China’s government and corporations rely mostly on domestic Yuan financing. Total external (mostly US dollar) debt is about US$2 trillion, representing 15% of GDP and 65% of foreign exchange reserves4. In short, we see China as well positioned to service its US dollar debt. 

     Is China in too much debt? Maybe not.

    Debt composition in various regions as a percent of GDP

     Source: BIS, as of 31 December 2018. 

    2 Source: BIS, total credit to the non-financial sector (core debt), as of 31 December 2018.

    3 Source: Wind, BlackRock, as of 31 December 2018.

    4 Source: US$1.97 trillion as of March 2019, State Administration of Foreign Exchanges of China.

  • REALITY: Alternative data sources are abundant and provide real-time updates.

    Some investors wonder about the accuracy of official Chinese data. However, there are alternative sources — such as satellite imagery, mobile payments and online marketplace volumes — that can guide and inform an investment decision alongside official data.

    For example, tracking movements of metallic matter on the ground is a way to estimate factory build-ups or expansions by region.

    The chart below shows that while the long-term trend is aligned, we can identify gaps and potential investment opportunities over certain shorter-time horizons.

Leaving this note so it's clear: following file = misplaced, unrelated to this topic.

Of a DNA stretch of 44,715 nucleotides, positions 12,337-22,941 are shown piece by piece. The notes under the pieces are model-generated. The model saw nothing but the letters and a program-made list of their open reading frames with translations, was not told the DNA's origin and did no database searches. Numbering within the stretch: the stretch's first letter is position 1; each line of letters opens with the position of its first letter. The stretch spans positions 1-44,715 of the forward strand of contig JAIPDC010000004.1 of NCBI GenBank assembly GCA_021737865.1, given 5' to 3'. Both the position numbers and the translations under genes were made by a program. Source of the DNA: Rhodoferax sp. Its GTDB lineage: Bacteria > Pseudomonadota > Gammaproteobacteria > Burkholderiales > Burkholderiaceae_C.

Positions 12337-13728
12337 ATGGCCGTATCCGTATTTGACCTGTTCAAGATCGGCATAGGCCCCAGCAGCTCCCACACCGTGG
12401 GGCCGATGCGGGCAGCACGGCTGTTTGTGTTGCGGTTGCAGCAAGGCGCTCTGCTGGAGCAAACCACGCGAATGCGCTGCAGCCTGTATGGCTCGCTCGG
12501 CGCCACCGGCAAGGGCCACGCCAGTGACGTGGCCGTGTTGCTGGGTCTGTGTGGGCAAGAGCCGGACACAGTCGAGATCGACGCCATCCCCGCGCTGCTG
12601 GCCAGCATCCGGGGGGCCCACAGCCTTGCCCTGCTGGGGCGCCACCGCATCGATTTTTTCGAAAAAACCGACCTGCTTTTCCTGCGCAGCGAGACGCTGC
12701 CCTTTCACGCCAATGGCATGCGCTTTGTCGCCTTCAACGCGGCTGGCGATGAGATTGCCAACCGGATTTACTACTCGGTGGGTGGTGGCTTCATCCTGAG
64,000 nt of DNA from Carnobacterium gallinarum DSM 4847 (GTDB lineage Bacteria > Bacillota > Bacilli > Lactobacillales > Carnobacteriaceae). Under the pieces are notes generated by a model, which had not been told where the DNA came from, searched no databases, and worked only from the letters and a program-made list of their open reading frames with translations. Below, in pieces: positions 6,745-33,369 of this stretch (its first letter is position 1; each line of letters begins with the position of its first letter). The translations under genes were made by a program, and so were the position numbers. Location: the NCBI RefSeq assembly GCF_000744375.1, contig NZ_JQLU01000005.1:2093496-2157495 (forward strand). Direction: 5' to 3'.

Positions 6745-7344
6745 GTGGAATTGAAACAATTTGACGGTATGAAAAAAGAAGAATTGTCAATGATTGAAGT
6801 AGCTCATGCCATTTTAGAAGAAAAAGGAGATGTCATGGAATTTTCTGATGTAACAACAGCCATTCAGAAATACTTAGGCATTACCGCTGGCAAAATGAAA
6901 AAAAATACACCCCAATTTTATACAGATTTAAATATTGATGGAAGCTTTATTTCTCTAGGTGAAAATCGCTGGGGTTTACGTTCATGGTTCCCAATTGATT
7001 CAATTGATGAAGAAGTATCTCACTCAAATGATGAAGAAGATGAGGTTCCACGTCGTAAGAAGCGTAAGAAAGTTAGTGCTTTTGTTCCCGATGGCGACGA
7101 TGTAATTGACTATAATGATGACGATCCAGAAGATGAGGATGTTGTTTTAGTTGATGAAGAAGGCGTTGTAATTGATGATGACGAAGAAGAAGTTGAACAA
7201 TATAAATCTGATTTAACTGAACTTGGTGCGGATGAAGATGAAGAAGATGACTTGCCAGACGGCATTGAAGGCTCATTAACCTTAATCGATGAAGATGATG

Official and unofficial data together paint a clearer picture

    Activity through satellite images vs. official PMI

    Source: SpaceKnow, BlackRock, as of 28 February 2019, for illustrative purposes only.

  • REALITY: Privately-owned-enterprises drive Chinese growth, innovation, and job creation

    In 2019, the number of mainland Chinese companies on the Fortune Global 500 was nearly equal to that of the number of US companies for the first time5.

    While SOEs comprise the majority of these Chinese companies, many private sector corporates are also on the list: internet giants Tencent, Alibaba and; consumer electronic makers Xiaomi; insurance firms Ping An and Taikang, to list a few. Private companies in China are generally smaller compared to SOEs, but typically more efficient and profitable. In aggregate, private companies contribute over 50% of corporate taxes, 60% of GDP, 70% of technology innovations, 80% of urban employment and 90% of new jobs6.